The yes/no question, "Is Israeli-Palestinian peace still possible?" was confronted by professors from both sides of the conflict at a discussion panel last night. Yet none of them could offer a definitive answer to what they saw as an almost impossible problem to solve.
Sponsored by the Center for Middle Eastern and North African Studies, the panel was comprised of distinguished professors representing various perspectives from overseas and American universities. The professors came to give their own academic and personal viewpoints on the conflict and on the prospects for a possible peace between the two peoples.
The discussion opened with optimism from two political science professors — Khalil Shikaki of Birzeit University and Zeev Maoz of Tel Aviv University — said the long-term goal of peace was possible in spite of the current conditions of the situation.
"It is this belief that the (Israeli and Palestinian) public is moving toward moderation. That leads me to believe that the answer is ‘yes' (that peace will be achieved)," said Shikaki.
But that optimism for peace quickly turned to skepticism when political science Prof. Gabriel Sheffer of Israel's Hebrew University said he was utterly doubtful about those prospects and added that the bare reality was surveys have shown that both sides still see violence as a means to solve their problems.
"It is true that the majority are for peace. But at the same time, the majority are for the use of force," Sheffer said.
He added that the central issue to the conflict is land, and until Israel gives up that land, no peace will be achieved.
Even more dire prospects came from sociology Prof. Sharif Kanaana of Birzeit University in the West Bank, who said he saw no chance for peace in the past and sees no chance of it in the future. He added that neither side had the intentions for peace, but each is delaying any productive action in order to prevent a possible resolution that would not go in its favor.
"Everybody is playing their own game. They are not looking at each other's games and are not working (with one another)," Kanaana said.
Kanaana earlier explained that the question, "Is Israeli-Palestinian peace still possible?" is riddled with the assumption that there are only two players in the conflict and that the two sides are on a level playing field. He added that the U.S. is the real actor in the conflict and has helped Israel eliminate the Palestinian Authority, which used to only consist of Yasser Arafat quarantined in a room.
"The Palestinian Authority at the present time only has control of two rooms and one bathroom. … These are seen as equal as each other? Israel is the fourth most powerful country at the present time."
Despite these heated comments, Kanaana's views drew the most criticism when he said that the Israel state is ready to commit genocide against the Palestinians in order to purify the Zionist state. Since the Second Intifada began in the fall of 2000, the Israeli Defense Forces have targeted Hamas leaders in assassination attempts. Kanaana added that Israelis already occupy around 90 percent of the territory and so have no reason to begin making concessions since they are in an ideal position to occupy all of Palestinian land.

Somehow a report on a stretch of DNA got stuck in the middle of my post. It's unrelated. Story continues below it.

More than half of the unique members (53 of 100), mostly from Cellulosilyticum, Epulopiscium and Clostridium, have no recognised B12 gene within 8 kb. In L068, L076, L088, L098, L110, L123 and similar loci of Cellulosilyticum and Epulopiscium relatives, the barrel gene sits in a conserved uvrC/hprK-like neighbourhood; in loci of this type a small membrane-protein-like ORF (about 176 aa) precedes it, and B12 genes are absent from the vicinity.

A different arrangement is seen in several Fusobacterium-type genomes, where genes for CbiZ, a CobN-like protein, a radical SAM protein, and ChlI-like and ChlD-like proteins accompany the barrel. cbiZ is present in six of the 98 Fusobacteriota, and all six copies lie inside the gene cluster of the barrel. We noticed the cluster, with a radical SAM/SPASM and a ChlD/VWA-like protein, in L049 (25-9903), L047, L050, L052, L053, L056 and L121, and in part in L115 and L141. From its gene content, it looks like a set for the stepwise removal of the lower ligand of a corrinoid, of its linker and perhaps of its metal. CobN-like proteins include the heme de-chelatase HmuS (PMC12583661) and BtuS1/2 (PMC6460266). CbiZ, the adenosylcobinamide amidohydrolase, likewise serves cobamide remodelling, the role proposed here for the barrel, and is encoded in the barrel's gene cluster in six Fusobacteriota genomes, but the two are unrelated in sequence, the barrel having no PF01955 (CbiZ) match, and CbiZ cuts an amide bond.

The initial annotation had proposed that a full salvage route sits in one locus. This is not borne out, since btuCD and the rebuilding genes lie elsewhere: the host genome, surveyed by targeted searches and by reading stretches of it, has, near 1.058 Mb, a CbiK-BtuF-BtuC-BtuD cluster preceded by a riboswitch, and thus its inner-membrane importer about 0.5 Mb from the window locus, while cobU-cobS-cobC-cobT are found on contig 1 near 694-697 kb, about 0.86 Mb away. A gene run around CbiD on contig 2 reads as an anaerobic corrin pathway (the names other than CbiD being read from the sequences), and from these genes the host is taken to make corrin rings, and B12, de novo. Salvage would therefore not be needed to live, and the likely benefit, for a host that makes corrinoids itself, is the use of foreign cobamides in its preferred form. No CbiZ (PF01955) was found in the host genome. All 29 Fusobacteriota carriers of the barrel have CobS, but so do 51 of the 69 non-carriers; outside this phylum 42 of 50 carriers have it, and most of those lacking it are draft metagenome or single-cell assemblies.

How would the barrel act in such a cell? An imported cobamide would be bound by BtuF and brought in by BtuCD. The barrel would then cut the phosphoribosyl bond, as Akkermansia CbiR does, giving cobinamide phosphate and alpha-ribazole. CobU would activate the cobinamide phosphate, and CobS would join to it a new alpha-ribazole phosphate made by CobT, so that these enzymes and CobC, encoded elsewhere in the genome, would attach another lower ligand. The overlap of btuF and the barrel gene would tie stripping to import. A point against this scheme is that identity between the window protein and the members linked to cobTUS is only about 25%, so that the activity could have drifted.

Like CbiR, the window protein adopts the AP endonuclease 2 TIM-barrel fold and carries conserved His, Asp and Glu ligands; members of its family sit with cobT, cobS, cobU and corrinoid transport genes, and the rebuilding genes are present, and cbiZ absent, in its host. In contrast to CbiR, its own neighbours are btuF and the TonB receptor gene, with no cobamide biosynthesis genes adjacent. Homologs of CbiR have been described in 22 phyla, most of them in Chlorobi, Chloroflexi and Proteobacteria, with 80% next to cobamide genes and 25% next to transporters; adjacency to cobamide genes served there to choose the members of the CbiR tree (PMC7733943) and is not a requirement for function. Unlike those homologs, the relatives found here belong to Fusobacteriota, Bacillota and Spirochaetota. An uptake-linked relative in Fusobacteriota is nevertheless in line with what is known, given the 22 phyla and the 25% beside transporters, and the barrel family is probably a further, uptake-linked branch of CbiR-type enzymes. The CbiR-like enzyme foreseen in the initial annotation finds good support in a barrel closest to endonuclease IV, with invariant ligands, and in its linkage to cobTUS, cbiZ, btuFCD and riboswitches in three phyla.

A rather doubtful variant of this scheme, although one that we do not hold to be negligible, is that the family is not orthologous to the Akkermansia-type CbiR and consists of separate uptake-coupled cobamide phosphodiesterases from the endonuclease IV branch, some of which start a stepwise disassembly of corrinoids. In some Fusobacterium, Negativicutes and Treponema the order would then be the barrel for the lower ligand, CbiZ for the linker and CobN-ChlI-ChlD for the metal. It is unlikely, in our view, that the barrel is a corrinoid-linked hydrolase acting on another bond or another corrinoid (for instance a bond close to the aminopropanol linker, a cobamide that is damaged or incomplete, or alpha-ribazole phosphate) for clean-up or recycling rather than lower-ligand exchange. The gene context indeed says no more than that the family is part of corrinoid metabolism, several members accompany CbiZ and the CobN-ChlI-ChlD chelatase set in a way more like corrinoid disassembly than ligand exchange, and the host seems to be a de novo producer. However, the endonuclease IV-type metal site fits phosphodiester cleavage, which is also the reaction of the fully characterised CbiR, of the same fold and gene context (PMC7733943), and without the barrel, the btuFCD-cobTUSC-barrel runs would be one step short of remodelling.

Palestinians are now confined by the construction of the wall in the West Bank, which Kanaana called a temporary detention camp.
"I think the Israelis are priming for a genocide if the Palestinians oppose them," he said.
Contrary to Kanaana;s perspective, Shikaki compared the prospect for peace to a tunnel, where the light can already be seen, but there is not yet a mechanism to reach that light. Maoz added on those prospects, saying both sides just need strong leadership willing to make courageous steps and political sacrifices.
"Both sides know what to do to create the atmosphere for peace. There is just not enough self-criticism of the actions of each side to make that peace," Maoz said.
He added that both Palestinians and Israelis will eventually come to a peace because they are gradually recognizing that there is no way out through violence.
Avi Jacobson, Director of the Hamagshimim Israel Fellowship, said of Kanaana's remark, "I was shocked and appalled by the comment that Israelis were preparing for a genocide. It's demonization and propaganda."
Still, Jacobson, an Engineering senior, did add that he found the discussion interesting because some speakers raised real possibilities of hope which reaffirmed his belief that peace is still possible in the Middle east. "Peace is still possible, because both sides want it," he said.
Psychologist and University faculty member Majeda Humeiden also said peace would be possible, but added some of the American public are unwilling to support the Palestinian movement. "Being pro-human rights or being pro-Palestinian is sometimes seen as being anti-Semitic."
She said she hopes people overcome that thinking so that American people can make a more concerted effort to help solve the conflict.